The Peacock Inn at Princeton University
This historic home was constructed in the colonial era and purchased in 1779 by Jonathan Deare. At that time, the home was at the corner of Nassau Street and University Place and Deare rented rooms and meals to travelers, including members of the Continental Congress. The home was purchased and moved to this location in 1875 and converted it into a hotel. The business was later renamed the Peacock Inn in 1911. People such as F. Scott Fitzgerald and Albert Einstein are among the guests of the Peacock Inn.
Backstory and Context
Though the modern-day Peacock Inn opened in 1911, its history dates back to the Colonial Era when tit was operated by Jonathan Deare, a member of the Continental Congress, who purchased the home in 1779. Deare offered rooms and provided meals to members of the Continental Congress at that time. A group purchased the Deare house in 1875 and moved it to its present location within the Princeton Historic District on Bayard Lane in 1875, and converted it into the Princeton Hotel Company. A couple purchased the hotel in 1911 and renamed it the Peacock Inn.
Before the property was known as the Peacock Inn, it operated as the Princeton Hotel Company. The hotel president, Mr. Libbey, enjoyed local fame as a Princeton graduate, a professor at the University, as the person who established orange and black as the University colors, and as one of the first local residents to own a telephone. The hotel transitioned to its present name, Peacock Inn, in 1911 after Joseph and Helen O'Connor purchased the property and named it after an inn in Midland England. The peacock symbolized royalty, good food, and good luck.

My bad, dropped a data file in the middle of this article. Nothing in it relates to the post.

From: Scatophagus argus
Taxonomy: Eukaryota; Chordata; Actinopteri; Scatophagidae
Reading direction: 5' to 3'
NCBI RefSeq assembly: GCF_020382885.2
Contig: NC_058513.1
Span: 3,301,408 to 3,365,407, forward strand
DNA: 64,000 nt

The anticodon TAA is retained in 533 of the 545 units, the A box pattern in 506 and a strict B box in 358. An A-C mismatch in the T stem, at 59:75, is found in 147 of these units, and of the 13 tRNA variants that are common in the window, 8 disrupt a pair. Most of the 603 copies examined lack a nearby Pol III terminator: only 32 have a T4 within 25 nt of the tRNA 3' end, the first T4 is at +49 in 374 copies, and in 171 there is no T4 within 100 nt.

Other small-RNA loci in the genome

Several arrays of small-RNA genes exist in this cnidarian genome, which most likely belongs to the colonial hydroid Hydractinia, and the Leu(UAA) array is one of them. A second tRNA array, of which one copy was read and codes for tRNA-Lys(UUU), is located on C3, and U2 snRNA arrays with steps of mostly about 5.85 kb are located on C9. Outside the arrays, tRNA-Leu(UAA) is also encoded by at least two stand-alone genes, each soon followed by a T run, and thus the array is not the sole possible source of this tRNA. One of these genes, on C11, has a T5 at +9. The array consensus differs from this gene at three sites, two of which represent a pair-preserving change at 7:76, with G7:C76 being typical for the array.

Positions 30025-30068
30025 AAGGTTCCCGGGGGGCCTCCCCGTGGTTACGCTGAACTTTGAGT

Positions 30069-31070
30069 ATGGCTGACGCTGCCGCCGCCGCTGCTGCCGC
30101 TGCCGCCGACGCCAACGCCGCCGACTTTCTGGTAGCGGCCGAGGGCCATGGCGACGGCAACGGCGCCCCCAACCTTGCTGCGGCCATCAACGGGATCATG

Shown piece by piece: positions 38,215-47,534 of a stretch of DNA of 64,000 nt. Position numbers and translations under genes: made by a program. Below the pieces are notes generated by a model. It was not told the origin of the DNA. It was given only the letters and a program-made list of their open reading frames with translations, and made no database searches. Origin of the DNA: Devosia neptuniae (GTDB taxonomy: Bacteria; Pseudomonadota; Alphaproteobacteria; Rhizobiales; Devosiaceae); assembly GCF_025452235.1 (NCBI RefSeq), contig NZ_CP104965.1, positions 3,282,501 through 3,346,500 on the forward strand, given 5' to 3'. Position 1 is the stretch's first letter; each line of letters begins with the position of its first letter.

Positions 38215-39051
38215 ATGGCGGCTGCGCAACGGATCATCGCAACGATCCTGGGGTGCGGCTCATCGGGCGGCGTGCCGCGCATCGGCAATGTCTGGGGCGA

The hotel history offers several engaging stories. For instance, F. Scott Fitzgerald stayed there as did lauded physicist, Albert Einstein. The basement of the Peacock Inn served as a speakeasy during Prohibition; patrons referred to it as Peacock Alley. Finally, in 1954, the Princeton football team met together on the Inn's porch and, due to their collective weight, caused it to collapse under them. Fortuitously, a photographer stood nearby and captured an award-winning shot of the incident that Sports Illustrated featured.
Barry and Elaine Sussman purchased the Inn in 2006. The couple spent three years renovating the Inn, leading to a grand reopening in 2010. In 2018, the Peacock Inn Restaurant closed its doors. However, in May 2018, Genesis Hospitality purchased the Peacock Inn and subsequently reopened its upscale fine dining restaurant. With renovated rooms and a re-imagined restaurant, the award-winning boutique hotel and fine dining restaurant are once again part of the Princeton community.
Hageman, John Frelinghuysen. History of Princeton and its Institutions: The Town from its First Settlement, Through the Revolutionary War, to the Present Time. Philadelphia: J.B. Lippincott & Co., 1879.
The Peacock Inn. "About Us: History of The Peacock Inn." peacockinn.com. Accessed June 14, 2020. https://www.peacockinn.com/en-us/about-us/history.
Princeton-Mercer Regional Convention and Visitors Bureau. "The Peacock Inn." visitprinceton.org. Accessed June 14, 2020. https://www.visitprinceton.org/listing/the-peacock-inn/6832/
By David Keddie - Own work, CC BY-SA 4.0, https://commons.wikimedia.org/w/index.php?curid=41200664